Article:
Crying need for textbooks on martial law abuses

A One News story ( reported that starting “next semester, students at the University of the Philippines Diliman may enroll in a subject that will tackle language, literature, and culture under the martial law.”

The three-unit subject, recently approved by the university council, is designated as Philippine Studies (PS) 21 – Wika, Kultura, at Panitikan sa Ilalim ng Batas Militar sa Pilipinas, (Language, Culture, and Literature under Martial Law in the Philippines). “It will be offered by the university’s Departamento ng Filipino at Panitikan ng Pilipinas and will be available for students from all disciplines as an option for their general education subject requirements,” the news report clarified.

Most comments from activists that I read on Facebook that day welcomed the UP Diliman move. Most said, basically: “Great! It’s about time!” As if that (the lack of a university course on martial law) was the biggest or at least a major bottleneck in educating the youth about the dark years of the US-Marcos fascist dictatorship (1972-1986).

What I did was to read the story thoroughly, including the reference document embedded into the story from Scribd. ( The news report was good enough as a summary, but the document indicated a much more complicated background.

Call me a skeptic, but the UP decision is not automatically a good thing. Read through the many troll comments under the original OneNews post on FB to realize that the Marcos loyalists are raring to enter this arena of battle. As expected, Imee Marcos immediately remarked that her family’s side should be equally heard or represented.

What’s worrisome is if the professors or instructors handling the new subject would be inundated by pro-Marcos teaching materials that will harp on the “greatness of martial law.” As one US-based activist commented in a sarcastic tone: “Martial law was a great time. Everyone followed the law and kids obeyed curfew. Now go write a 10-page review of your favorite Marcos-funded art piece.”

Hence, the most crucial will be the approved syllabus and the standard textbook/s to be used. It wasn’t clear from the Scribd document if the syllabus was already approved or yet on the table.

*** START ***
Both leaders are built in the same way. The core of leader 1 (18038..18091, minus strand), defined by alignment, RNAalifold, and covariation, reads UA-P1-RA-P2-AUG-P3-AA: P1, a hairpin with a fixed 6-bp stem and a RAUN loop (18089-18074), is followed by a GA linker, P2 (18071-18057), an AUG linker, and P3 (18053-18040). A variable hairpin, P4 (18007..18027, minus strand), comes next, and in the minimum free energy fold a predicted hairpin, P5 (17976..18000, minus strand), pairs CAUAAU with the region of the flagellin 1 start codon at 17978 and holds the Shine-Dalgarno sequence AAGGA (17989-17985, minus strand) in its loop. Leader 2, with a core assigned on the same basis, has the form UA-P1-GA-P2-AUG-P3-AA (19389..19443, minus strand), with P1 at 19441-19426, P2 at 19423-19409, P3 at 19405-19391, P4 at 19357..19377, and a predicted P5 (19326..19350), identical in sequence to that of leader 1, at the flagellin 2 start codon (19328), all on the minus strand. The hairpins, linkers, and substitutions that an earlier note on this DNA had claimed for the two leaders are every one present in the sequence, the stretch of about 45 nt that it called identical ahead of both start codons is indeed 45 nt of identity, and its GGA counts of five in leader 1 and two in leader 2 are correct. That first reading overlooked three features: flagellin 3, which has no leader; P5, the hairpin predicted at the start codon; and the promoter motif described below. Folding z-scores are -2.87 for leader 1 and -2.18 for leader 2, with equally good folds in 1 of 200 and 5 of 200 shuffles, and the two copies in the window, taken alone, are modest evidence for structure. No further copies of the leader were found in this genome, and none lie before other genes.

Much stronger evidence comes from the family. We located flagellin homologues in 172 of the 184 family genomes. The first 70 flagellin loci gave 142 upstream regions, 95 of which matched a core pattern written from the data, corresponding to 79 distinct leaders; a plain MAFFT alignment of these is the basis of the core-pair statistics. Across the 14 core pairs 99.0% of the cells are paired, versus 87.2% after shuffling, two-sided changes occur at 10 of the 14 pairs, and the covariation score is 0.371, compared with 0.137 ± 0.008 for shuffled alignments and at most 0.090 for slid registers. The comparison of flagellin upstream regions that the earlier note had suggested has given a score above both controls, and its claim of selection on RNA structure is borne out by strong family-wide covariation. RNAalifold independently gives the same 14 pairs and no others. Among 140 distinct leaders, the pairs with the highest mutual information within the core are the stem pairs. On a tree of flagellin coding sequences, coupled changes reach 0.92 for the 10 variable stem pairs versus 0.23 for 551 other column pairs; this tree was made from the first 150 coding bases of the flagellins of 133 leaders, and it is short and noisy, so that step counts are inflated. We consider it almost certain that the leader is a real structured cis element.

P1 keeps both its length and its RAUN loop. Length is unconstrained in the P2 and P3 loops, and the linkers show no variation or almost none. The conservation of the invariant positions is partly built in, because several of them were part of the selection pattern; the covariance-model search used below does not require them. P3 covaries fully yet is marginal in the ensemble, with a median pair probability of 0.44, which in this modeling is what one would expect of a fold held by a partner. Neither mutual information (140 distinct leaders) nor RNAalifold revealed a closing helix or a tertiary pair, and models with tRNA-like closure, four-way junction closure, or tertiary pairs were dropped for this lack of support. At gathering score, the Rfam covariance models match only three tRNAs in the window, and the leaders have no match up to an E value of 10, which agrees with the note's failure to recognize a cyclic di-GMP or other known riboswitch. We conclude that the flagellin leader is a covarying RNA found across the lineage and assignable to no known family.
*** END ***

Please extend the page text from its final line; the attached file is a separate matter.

This is in addition to the built-in limitation of the subject PS 21, which is on “language, culture, and literature” — which the Marcoses would even consider as their “strong suit”, what with their reputation as “patron of the arts”, builder of the Cultural Center of the Philippines, and so on. So what about the economics and politics of martial law? Shall these be treated just as “backgrounders”?

In other words, the current antifascist movement should make sure that the expected content of the course isn’t turned into its very opposite if only due to the voluminous “source materials” that will be dumped on the teaching faculty by the very pro-active fascist camp—and I’m not just referring to the Marcoses.

In fairness, the proponents’ rationale and the syllabus (which I assume is already approved) appear to be on the right track. I’ve just gone through the syllabus—the aims, suggested/required readings etc.—and, except for a few really toxic items. Its stand, and those of its most vocal proponents, are explicitly against fascist dictatorship. (UP should really be super-biased vs fascist dictatorship!)

But the “few” toxic items include such worrisome materials as the Marcos tracts on New Society and even Enrile’s voluminous biography. These items must be purged from the list of references, otherwise they will poison the entire course. We must be wary of derailing by academic saboteurs and fifth-columnists, which has happened many times in the past.

Another problem is that, as another activist rightly noted in a Facebook remark, “most of the country will never attend UP and those that do will likely already be imprinted by pre-established ideas. A greater emphasis on Martial Law education at Elementary and Secondary school level is key.”

In short, the UP subject is just a drop in the bucket. At the college level, there should be a campaign for other state universities and colleges as well as privately owned ones to adopt a similar syllabus or education program. The really big push should in fact come from the Commission on Higher Education, and the Department of Education which develops and approves curricula and textbooks for elementary and secondary schools.

All antifascist forces should be producing more textbook-level materials on the Philippines’ experience of fascist rule—whether or not this UP course remains on its antifascist track and whether other schools adopt similar courses. #

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